PS 6-60
Long-term monitoring of salamander energy subsidies in the Southeast suggests aquatic flux is more common than terrestrial flux and highly dependent on hydroperiod for five salamander species

Monday, August 10, 2015
Exhibit Hall, Baltimore Convention Center
Scott M. Weir, Savannah River Ecology Laboratory, University of Georgia
David E. Scott, Savannah River Ecology Laboratory, University of Georgia
Stacey L. Lance, Savannah River Ecology Laboratory, University of Georgia

Very little research has placed amphibian species within the context of nutrient dynamics and ecosystem productivity. The few studies to investigate amphibians suggest they have important consequences to nutrient and energy dynamics into and out of wetland environments. However, many of these studies have been of very short duration (< 3 yrs). In this experiment we analyzed data from a long-term data set (> 35 years) to understand whether 5 salamander species (Ambystoma opacum, A. talpoideum, A. tigrinum, Notophthalmus viridescens, Eurycea quadridigitata) were providing a net nutrient flux into (aquatic) or out of (terrestrial) ephemeral wetland communities. We take data from a long-term data set in which an ephemeral wetland (Rainbow Bay on the Savannah River Site) was surrounded by a drift fence and monitored daily since September 1978. Using counts of individuals and weight/length or weight/egg regressions, we estimated dry biomass (g) into and out of the wetland each year. We were also able to consider mortality of adults within the wetland during breeding, which has previously not been considered in salamander energy subsidy research. We then asked the question to what extent hydroperiod is related to the direction of flux and if this relationship differs among species.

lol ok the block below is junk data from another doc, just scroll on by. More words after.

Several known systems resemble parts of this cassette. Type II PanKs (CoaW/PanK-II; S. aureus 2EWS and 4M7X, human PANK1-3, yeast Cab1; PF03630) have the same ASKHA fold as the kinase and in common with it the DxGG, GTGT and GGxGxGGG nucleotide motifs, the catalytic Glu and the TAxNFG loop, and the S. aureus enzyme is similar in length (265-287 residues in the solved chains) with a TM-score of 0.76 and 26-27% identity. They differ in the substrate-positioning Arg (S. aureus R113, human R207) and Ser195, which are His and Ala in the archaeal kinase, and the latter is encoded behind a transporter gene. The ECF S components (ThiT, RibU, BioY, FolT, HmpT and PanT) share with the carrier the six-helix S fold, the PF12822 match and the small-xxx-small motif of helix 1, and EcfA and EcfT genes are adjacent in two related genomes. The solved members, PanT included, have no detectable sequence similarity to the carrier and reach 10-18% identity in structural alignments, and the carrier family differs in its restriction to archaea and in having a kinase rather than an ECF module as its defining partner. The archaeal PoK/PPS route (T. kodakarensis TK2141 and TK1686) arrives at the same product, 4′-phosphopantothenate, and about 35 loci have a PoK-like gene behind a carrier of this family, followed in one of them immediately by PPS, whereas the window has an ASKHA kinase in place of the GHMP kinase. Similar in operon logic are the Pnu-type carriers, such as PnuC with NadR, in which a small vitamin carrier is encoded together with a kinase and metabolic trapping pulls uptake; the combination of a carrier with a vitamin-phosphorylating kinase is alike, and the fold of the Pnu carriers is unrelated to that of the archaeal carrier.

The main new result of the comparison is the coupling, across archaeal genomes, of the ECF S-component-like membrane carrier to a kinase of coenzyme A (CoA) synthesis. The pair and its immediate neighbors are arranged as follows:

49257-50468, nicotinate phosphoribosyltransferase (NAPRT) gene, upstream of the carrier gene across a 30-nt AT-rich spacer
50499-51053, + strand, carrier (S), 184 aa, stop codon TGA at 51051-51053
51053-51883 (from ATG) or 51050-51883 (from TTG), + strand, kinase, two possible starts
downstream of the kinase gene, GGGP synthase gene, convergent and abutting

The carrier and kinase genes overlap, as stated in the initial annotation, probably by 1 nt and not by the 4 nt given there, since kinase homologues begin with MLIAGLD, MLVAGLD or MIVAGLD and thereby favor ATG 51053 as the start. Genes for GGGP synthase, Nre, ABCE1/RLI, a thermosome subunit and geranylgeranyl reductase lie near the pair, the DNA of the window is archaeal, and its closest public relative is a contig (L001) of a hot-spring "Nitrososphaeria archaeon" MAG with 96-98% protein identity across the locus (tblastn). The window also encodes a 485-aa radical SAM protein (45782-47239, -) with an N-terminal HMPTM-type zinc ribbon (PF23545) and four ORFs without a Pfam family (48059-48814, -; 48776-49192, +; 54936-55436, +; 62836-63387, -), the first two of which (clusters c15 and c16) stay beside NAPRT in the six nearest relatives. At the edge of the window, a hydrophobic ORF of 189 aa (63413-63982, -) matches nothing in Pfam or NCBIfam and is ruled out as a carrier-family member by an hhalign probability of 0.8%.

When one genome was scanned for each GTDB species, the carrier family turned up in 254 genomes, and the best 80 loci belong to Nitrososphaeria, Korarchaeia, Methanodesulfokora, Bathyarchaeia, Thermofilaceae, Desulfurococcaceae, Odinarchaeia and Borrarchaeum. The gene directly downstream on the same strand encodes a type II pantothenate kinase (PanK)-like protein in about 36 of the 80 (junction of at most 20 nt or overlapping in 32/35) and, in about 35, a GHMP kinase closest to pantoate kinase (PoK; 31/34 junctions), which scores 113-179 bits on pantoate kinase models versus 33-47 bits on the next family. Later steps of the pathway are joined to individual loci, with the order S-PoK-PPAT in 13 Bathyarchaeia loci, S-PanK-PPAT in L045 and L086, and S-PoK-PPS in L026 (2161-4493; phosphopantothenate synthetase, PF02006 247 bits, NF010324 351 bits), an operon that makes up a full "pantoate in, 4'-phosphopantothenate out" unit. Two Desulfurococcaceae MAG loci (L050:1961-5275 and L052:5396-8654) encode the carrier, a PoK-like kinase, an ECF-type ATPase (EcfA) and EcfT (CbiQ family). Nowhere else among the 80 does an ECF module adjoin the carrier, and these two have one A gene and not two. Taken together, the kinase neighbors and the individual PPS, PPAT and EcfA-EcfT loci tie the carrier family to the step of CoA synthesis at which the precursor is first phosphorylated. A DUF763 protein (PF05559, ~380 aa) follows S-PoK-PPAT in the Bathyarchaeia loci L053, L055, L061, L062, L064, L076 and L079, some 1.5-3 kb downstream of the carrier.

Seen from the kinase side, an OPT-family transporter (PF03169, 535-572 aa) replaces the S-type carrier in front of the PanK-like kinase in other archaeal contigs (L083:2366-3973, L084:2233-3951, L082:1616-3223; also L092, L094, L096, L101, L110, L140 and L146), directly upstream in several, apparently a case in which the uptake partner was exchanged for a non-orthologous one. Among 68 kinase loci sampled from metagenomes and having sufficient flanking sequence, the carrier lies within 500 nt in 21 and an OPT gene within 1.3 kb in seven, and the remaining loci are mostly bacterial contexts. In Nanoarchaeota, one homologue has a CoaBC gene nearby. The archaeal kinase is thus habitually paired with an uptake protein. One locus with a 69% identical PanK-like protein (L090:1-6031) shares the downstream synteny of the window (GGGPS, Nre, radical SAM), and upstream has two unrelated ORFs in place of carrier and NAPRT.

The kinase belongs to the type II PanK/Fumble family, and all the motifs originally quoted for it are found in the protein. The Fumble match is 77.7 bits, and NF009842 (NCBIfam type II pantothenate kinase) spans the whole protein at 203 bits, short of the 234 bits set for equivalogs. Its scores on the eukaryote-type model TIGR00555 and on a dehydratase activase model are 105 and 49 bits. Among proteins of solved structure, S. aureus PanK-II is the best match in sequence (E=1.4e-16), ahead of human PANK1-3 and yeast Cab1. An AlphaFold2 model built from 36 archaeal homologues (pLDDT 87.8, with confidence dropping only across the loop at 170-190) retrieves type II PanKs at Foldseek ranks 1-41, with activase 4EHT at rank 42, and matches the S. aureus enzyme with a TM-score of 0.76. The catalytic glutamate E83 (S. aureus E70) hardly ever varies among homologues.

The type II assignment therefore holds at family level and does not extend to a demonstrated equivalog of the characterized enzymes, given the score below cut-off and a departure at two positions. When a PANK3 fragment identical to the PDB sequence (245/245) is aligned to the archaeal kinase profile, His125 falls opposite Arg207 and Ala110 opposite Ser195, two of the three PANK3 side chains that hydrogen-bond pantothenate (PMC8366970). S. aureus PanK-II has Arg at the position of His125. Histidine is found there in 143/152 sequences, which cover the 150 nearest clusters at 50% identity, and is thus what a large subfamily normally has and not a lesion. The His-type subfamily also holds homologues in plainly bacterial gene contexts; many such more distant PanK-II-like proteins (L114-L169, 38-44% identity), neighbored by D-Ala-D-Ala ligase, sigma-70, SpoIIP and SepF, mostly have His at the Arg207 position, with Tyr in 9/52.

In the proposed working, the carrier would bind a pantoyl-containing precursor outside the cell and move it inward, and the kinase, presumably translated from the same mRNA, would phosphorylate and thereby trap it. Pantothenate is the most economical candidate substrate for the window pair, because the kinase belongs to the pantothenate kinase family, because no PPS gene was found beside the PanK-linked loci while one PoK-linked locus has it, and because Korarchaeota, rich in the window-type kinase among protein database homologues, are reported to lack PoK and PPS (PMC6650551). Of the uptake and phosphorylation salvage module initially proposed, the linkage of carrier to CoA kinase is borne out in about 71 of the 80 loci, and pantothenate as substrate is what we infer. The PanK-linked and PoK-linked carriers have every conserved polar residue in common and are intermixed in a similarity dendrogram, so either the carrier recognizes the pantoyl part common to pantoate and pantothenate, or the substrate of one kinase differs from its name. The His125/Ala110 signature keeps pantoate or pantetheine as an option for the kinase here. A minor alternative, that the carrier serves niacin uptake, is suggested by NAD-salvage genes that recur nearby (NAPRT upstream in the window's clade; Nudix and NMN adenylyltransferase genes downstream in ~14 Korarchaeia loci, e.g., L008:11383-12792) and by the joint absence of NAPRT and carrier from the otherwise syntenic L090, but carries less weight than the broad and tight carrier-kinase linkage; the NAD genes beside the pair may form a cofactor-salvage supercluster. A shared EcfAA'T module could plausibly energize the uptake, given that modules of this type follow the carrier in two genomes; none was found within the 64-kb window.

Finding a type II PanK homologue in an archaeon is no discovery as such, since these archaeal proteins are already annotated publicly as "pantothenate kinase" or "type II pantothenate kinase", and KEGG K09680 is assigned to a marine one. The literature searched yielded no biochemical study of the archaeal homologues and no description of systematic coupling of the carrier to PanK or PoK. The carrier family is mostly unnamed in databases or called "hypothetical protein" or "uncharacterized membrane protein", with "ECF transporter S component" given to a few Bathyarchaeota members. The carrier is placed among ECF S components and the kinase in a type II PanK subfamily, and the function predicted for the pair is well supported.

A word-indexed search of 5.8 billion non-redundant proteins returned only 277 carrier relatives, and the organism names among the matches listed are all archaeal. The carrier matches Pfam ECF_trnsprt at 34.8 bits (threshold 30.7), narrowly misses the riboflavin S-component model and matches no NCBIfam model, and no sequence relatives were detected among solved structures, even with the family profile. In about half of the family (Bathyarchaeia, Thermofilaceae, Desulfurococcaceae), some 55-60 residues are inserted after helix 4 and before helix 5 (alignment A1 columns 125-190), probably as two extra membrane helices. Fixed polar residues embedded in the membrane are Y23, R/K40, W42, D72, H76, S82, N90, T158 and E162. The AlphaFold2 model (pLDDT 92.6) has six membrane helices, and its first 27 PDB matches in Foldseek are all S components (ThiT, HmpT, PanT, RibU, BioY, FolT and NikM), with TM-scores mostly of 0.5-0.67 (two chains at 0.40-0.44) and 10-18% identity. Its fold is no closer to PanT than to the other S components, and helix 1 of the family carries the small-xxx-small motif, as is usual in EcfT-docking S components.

Over the 35 years of observation, aquatic subsidies were far more common for all 5 species than terrestrial flux. Including adult mortality in the wetland during breeding migrations significantly affected flux estimates, but did not significantly affect the direction of the flux (aquatic/terrestrial). Probability of terrestrial flux greatly increased with increased hydroperiod for all species. A. talpoideum, A. tigrinum, and N. viridescens had very similar logistic relationships between hydroperiod and terrestrial flux. A. opacum has greater probability of terrestrial flux at shorter hydroperiods where the other salamanders are unable to develop rapidly enough to recruit juveniles. E. quadridigitata had the most unusual pattern that appeared to be a linear increase in terrestrial flux probability over the hydroperiods observed in the 34 year study. Perhaps with greater hydroperiods, the logistic relationship between hydroperiod and terrestrial flux would be resolved for E. quadridigitata. Our results suggest that great terrestrial flux from wetland environments for salamander species may be rare and limited to years of long hydroperiod providing opportunity for high productivity. Future research will create a model to understand the importance of the salamander terrestrial energy flux in relation to C/N/P cycling in the terrestrial ecosystem.